It has been difficult for Google to explain away the seeming conflict between Chrome OS and Android.
Saying that Chrome is for the Internet and Android for devices, requires a belief that users actually make the distinction.
Google’s Sergey Brin They don’t and Google knows it, but only co-founder Sergey Brin can say so.
In this case, it is the Emperor seeing his subjects’ new clothes. Or the profound lack thereof.
(And if you haven’t seen Chrome OS, here is our visual tour).
Following the Thursday’s Chrome OS announcement, Brin informally told reporters that the two operating systems were “likely to converge over time,” but offered no specific timetable.
His remarks didn’t seem important at the time and were briefly lost in the excitement of the new OS. Today, however, people who heard the remark realized Brin actually said something important. And it undermines the whole Chrome OS concept.
Brin cited the common Linux OS and WebKit browser heritage the two operating systems share as an example of forces driving them together.
During the presentation, other Google execs described a “perfect storm of converging trends” that somehow required it to develop and support two separate operating systems.
Maybe converging trends lead to converging operating systems? Could be, just ask Sergey Brin.
I had already wondered what the difference would be between Android and Chrome when installed on a netbook. Given the Chrome browser, wouldn’t Android do all the same things Chrome could do, plus run Android applications?
Isn’t that what users really want? A s opposed to an operating system only capable of running a browser and connecting to Internet-based applications?
It is easy to understand why Google wants to keep Chrome OS and Android separated in our minds: Chrome OS seems revolutionary, if a bit far-fetched. Android, by comparison, is the evolution of what are already doing.
In reality, Chrome OS is a subset of Android, Windows, Mac OS, and Linux. It’s the new Lite OS, faster and less filling.
However, merge Chrome and Android and you end up with Android.
It will be hard for Google to keep people from noticing what a good idea that is. An idea that in some ways cuts the legs right out from under a standalone Chrome OS.
According to the Sources are reporting that the Mac OS X 10.6 Snow Leopard documentation says Intel is the only processor type supported by Apple’s latest OS X iteration, with at least 512MB of RAM being required as well.The next version of Mac OS X is code-named “Snow Leopard,” and will indeed be Intel-only, we have learned. This info is hot on the heels of about Mac OS X 10.6 being as soon as Macworld 2009 and being Intel-only.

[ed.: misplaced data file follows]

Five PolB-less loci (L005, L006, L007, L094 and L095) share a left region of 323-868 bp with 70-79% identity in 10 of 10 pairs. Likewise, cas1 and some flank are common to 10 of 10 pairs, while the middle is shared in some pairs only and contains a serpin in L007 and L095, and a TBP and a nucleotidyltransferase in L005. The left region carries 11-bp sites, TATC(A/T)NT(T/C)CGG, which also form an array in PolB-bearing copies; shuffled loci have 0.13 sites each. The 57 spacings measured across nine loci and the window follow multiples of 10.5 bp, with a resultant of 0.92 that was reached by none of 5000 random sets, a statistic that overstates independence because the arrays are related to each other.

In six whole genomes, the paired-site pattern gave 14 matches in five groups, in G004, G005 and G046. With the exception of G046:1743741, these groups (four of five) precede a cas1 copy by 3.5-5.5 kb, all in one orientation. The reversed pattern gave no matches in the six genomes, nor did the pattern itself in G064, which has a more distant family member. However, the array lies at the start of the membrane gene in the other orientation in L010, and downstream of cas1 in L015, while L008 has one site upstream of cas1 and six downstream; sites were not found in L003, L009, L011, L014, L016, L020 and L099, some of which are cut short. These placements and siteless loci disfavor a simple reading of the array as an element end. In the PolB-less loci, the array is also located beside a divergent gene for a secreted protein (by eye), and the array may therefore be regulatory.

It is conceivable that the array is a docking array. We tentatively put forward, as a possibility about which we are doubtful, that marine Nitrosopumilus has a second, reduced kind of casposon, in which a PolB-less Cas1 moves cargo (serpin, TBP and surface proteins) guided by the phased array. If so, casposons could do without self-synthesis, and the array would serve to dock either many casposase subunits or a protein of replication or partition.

According to our favorite computer manufacturer in Cupertino Apple Insider is reporting that Snow Leopard is indeed aimed at Intel Macs only. Documentation revealed at Apple’s Worldwide Developer Conference this week proves it.
According to Apple, Snow Leopard delivers unrivaled support for multi-core processors with a new technology code-named “Grand Central.” The company claims this is its answer to the multiple-core problem developers have always stumbled upon. Grand Central is supposed to make it easier for devs to create programs that take full advantage of the power of multi-core Macs.
Open CL is based on C (programming language) and has been proposed as an open standard, according to the Cupertino-based Mac maker. Apple has made it clear that Snow Leopard raises the software limit on system memory up to a theoretical 16TB of RAM, emphasizing OS X’s focus on 64-bit technology as well.
People familiar with the situation have confirmed to us that TUAW’s details are true—Snow Leopard is currently on track to come out during next January’s Macworld, and it will not contain major OS changes. Instead, the release is heavily focused on performance and nailing down speed and stability. With Apple’s current (and future) focus on smaller, thinner, and more mobile devices, this move makes perfect sense. Things like the MacBook Air, iPhone, iPod touch, and other mysterious devices that have yet to be announced need better performance for better battery life, and that’s definitely something Apple wants to excel at in the years to come. Our sources did not note whether Apple planned to discuss Snow Leopard at this year’s WWDC.
Something else that may happen is that Apple may eventually wrap everything in Cocoa—things that are currently only Carbon accessible will be no longer. This should make many Objective-C programmers happy, although those who are married to Carbon may get a bit bristly at the news.
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